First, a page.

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A-level reforms: what they mean for you

A-levels have changed dramatically in the last few years. See how these will affect your AS-level and A-level studies...

If you started sixth form in the past couple of years, you'll be among the cohort of students taking a new structure of A-levels in certain subjects – and perhaps other subjects in the old AS and A2 A-level structure.
Sound straight forward? Find out what they are and mean for you.

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What are the A-level reforms?

Different subjects have been updated since 2015,  the last round of subjects being delivered in the new style from September 2017.

Which form of A-level you take a two year, linear A-level with final exams at the end, or an AS and A2 qualification with exams at each stage depends on when you started your A-levels, and the subjects you opted for.

Luckily we've broken it down below...

Search for degree courses by predicted or expected A-levels: plus, sort and filter quickly

What do the A-level reforms mean for me?

In reality, this means that you might have very differently structured teaching and assessment across different subjects. Below is a rundown of what subjects are changing, and when (if they haven't already):

I started Year 12 in September 2015
  • You'll have been studying new-style A-levels in: art and design, biology, business studies, chemistry, computing, economics, English language, English language and literature, English literature, history, physics, psychology, sociology.

I started Year 12 in September 2016
  • You'll have been studying new-style A-levels from the above list, as well as: ancient languages such as Latin or Greek, dance, drama (theatre studies), geography, modern languages such as Spanish or French, music, physical education, religious studies.
I started Year 12 in September 2017
  • You'll have been studying all new-style A-levels as all remaining subjects get the updated A-level treatment, including: accounting, ancient history, archaeology, classical civilisation, design and technology, electronics, film studies, geology, government and politics, history of art, law, maths and further maths, media studies, music technology, philosophy and statistics.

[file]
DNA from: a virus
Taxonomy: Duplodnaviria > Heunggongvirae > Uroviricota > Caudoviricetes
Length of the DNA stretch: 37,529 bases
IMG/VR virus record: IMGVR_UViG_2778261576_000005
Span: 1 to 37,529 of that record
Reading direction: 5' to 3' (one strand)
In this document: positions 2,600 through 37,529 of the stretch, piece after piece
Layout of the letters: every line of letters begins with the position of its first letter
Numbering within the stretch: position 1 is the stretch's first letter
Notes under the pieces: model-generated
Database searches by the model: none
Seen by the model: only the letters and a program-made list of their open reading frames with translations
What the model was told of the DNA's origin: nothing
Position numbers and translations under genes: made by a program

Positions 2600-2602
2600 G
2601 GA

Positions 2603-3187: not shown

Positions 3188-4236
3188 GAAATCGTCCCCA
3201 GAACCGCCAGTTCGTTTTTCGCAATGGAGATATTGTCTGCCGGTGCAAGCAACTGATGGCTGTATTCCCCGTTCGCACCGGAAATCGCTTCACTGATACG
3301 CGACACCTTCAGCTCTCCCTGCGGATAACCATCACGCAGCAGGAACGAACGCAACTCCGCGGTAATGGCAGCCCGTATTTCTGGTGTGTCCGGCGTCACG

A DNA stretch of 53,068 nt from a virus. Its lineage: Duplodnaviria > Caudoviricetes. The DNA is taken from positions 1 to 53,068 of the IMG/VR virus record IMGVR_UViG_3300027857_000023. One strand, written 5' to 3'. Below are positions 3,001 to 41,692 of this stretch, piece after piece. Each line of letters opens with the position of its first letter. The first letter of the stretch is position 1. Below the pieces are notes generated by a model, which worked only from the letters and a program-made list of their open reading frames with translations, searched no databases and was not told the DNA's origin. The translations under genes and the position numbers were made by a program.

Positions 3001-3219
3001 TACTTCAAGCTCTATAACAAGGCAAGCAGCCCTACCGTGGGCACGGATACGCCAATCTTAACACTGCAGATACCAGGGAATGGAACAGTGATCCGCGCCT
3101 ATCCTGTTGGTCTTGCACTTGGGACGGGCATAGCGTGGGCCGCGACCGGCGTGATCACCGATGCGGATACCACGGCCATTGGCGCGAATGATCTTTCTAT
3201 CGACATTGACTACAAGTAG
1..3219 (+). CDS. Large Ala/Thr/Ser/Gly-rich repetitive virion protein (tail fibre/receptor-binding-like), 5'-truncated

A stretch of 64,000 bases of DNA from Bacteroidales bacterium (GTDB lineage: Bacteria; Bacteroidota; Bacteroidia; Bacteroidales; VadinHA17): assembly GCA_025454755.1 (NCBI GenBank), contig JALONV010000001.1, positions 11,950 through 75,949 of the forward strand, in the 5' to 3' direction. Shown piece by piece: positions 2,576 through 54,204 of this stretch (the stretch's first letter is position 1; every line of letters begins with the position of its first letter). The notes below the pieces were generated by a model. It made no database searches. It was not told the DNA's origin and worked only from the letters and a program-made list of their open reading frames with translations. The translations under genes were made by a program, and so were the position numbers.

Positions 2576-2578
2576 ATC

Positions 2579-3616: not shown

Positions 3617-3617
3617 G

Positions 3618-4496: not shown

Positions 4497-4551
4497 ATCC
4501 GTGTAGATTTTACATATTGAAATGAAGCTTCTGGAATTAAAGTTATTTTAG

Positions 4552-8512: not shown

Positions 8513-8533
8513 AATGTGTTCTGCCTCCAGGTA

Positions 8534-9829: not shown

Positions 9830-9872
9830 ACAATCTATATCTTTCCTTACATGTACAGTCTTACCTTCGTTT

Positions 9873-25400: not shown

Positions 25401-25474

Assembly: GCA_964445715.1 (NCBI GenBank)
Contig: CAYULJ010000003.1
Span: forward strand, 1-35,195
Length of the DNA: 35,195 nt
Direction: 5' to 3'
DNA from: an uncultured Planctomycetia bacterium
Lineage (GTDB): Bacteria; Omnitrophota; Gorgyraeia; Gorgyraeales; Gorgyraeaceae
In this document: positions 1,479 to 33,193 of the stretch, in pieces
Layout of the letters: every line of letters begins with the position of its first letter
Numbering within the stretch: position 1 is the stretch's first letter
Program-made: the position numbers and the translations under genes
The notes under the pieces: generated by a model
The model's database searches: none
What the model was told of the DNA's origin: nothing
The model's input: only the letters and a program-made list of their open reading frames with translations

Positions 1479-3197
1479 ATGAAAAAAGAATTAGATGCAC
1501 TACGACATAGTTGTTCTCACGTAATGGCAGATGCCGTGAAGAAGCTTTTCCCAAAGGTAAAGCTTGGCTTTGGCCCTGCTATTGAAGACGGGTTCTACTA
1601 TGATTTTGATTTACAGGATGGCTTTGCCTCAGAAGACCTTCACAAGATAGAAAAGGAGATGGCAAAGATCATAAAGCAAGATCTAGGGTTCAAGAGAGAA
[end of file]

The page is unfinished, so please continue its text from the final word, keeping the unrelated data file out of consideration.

How do the old and new A-level systems compare?

Under the old system being phased out, AS-levels were studied in Year 12, with exams taken in May-June that were worth 50% of your overall A-level qualification.

Under the new system being introduced, all A-level exams will take place at the end of Year 13, with no marks from AS-levels (if you take these) contributing to the overall final grade. 

Across the board, there will also be less coursework and fewer practical assessments under the new system (in Wales, practicals will still count in biology, chemistry and physics A-level) - making that exam revision all the more important. Grades will continue to be awarded on an A*-E scale.

What's happening to AS-levels?

AS-levels will still exist, and you can continue to take a separate AS-level qualification at the end of Year 12 before dropping the subject or going on to take the full A-level in Year 13; but unlike before, your AS results won't count towards your A-level grade. 

Remember that you will continue taking AS and A-level exams for subjects still structured under the old system until they undergo changes (as outlined above).